Gospel Photo of the Week
Reconciling The Laundry, Making It Clean Again
First, you see, smell, or feel the offense on the otherwise clean garment. Then, you will examine it more closely to see the nature of the offending spot or spots, then you treat the problem with different remedies until it is gone. You rinse off the cleaning agents, then dry, fold and arrange the garment for its next use.
Taking our clothes, clothes that have been lived in, that have been used in the day to day battle that is life, tends to change the appearance, the texture or even the aroma of the once clean and fresh apparel. Some folks take it for granted or don’t even recognize the not so clean situation.
We like the touch, the smell and the look of new clothes. We are attracted to the cleanliness, the sharpness and the smell the clothes had when first brought into existence. It is always noticeable when things are clean. Reconciliation is the same process whether we are talking about materials made of cotton, leather, nylon, etc., or if we are speaking of the non-material human soul.
“Those who approach the Sacrament of Penance obtain pardon from God’s mercy for the offense committed against him, and are, at the same time, reconciled with the Church which they have wounded by their sins and which by charity, by example, and by prayer labors for their conversion.”
Catechism of the Catholic Church 1422
The Sacrament of Reconciliation restores to us the merits of our past good works if these have been lost by mortal sin.
As we know, every good work that we perform in the state of grace and with the intention of doing it out of love for God is a meritorious work. It entitles us to an increase of grace in this life and an increase of glory in heaven. Even the simplest actions – kind words spoken, thoughtful deeds performed – have this effect, not to mention prayers said, Masses offered, sacraments received.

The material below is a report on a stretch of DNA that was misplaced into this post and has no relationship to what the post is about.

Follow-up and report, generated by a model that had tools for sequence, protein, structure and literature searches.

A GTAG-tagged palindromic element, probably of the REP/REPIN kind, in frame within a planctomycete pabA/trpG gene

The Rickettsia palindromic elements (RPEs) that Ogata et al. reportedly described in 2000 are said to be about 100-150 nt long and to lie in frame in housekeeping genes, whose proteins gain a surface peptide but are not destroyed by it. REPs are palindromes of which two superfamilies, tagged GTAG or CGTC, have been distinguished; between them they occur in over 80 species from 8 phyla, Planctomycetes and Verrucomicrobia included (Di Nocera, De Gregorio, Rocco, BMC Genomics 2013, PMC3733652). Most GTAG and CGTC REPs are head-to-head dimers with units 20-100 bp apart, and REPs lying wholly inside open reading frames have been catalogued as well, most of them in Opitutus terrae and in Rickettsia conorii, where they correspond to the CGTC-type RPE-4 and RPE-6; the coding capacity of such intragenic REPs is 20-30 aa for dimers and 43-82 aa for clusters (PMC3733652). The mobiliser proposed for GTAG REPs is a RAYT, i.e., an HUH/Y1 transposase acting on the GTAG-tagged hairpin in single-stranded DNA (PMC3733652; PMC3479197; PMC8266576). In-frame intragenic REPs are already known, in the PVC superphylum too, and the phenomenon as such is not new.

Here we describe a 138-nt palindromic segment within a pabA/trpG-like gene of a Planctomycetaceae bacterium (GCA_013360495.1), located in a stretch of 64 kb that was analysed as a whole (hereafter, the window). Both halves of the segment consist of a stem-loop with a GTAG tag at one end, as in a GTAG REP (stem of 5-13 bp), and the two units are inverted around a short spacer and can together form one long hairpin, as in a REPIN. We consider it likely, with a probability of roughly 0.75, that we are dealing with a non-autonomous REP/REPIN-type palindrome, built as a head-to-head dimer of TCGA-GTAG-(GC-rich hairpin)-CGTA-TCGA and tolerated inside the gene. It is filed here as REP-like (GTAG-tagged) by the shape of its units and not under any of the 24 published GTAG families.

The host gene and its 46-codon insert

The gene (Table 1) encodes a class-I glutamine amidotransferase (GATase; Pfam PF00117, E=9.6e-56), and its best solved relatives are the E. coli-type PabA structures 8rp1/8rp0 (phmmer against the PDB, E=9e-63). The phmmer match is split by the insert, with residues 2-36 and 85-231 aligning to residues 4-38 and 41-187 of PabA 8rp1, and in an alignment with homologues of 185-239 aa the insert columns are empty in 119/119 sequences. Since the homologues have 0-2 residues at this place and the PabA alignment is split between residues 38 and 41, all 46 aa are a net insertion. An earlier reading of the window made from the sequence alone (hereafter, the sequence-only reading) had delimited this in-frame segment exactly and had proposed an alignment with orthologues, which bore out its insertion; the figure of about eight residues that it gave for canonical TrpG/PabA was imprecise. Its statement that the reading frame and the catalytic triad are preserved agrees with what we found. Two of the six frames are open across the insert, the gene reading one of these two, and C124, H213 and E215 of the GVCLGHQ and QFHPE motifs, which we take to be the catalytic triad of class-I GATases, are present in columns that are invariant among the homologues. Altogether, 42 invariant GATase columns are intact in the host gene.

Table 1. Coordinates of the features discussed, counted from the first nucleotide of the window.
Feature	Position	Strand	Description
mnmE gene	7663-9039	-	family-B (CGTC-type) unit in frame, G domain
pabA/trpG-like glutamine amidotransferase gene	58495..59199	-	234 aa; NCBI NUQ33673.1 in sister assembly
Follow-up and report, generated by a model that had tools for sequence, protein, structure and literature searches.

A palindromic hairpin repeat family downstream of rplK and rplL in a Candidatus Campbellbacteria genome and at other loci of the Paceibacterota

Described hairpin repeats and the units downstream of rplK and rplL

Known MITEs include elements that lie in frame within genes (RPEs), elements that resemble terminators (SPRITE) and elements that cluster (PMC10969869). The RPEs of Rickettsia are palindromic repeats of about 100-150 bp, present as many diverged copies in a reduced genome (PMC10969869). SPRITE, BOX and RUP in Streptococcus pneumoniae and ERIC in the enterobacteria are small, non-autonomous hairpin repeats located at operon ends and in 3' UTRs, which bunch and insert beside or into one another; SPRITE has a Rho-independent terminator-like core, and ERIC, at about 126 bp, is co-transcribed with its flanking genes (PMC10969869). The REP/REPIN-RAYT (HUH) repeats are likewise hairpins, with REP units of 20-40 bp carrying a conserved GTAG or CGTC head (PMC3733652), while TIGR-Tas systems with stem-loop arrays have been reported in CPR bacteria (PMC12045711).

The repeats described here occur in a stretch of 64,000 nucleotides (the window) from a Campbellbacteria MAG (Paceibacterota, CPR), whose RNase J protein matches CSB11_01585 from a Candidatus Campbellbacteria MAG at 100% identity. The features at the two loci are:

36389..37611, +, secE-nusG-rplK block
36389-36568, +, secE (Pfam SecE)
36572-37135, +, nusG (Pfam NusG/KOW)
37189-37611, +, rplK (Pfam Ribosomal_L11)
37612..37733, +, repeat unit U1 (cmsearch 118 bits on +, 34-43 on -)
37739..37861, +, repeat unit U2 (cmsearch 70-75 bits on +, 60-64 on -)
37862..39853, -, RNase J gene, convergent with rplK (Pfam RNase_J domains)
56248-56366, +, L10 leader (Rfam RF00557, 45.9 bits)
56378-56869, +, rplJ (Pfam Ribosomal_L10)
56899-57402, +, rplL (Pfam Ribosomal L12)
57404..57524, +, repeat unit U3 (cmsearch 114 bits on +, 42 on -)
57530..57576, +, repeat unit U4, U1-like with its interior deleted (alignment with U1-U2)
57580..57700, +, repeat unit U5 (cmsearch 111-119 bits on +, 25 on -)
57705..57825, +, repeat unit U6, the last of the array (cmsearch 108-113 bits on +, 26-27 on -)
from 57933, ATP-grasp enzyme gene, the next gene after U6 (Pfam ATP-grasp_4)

However, mortal sin wipes out this accumulated merit, much as a one might lose life savings by one reckless gamble.
God could, with perfect justice, allow our past merits to remain forever lost even when He forgives our sins. But in His infinite goodness, He does not make us start all over again from scratch. The Sacrament of Reconciliation, not only forgives our mortal sins; it also restores to us the merits which we had so willfully cast away.
Finally, besides all its other benefits, the Sacrament of Reconciliation gives us the right to whatever actual graces we may need, and as we need them, in order that we may make atonement for our past sins and may conquer our future temptations.
This is the special “sacramental grace” of Penance; it fortifies us against a relapse into sin.
It is a spiritual medicine which strengthens, as well as heals. That is why a person intent upon leading a good life will make it a practice to receive the Sacrament of Reconciliation often. Frequent Confession is one of the best guarantees against falling into grave sin. It would be the height of stupidity to say, “I don’t need to go to Confession, because I haven’t committed any mortal sins.”
Excerpts are taken from the article:
The Sacrament of Reconciliation: Rising Again to New Life
2018 Diocesan Parish Annual Appeal
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Prayer Blanket Ministry
Early this summer as our news across the country continued to be filled with our police men and woman being shot at, injured or killed. Teresa Winkler of our Prayer Blanket Ministry wanted to do something for our Taylor Mill Police Force. So after purchasing the material, Debbie Chiarelli, also of the Prayer Blanket Ministry, volunteered to embroider all the names and ranks of all the men and woman on the Taylor Mill Police force and 3 Kenton County Sheriffs onto the prayer blanket. The Prayer Blanket Ministry then met last week to assemble the Prayer Blankets making them with prayers for the men and woman who serve our city. Father Cushing then blessed the blankets and they were delivered to the Taylor Mill Police Department. The blankets were beautiful when completed.
Please continue prayer, not only for the Taylor Mill Police force, but for the safety of all of our men and woman who serve and protect us.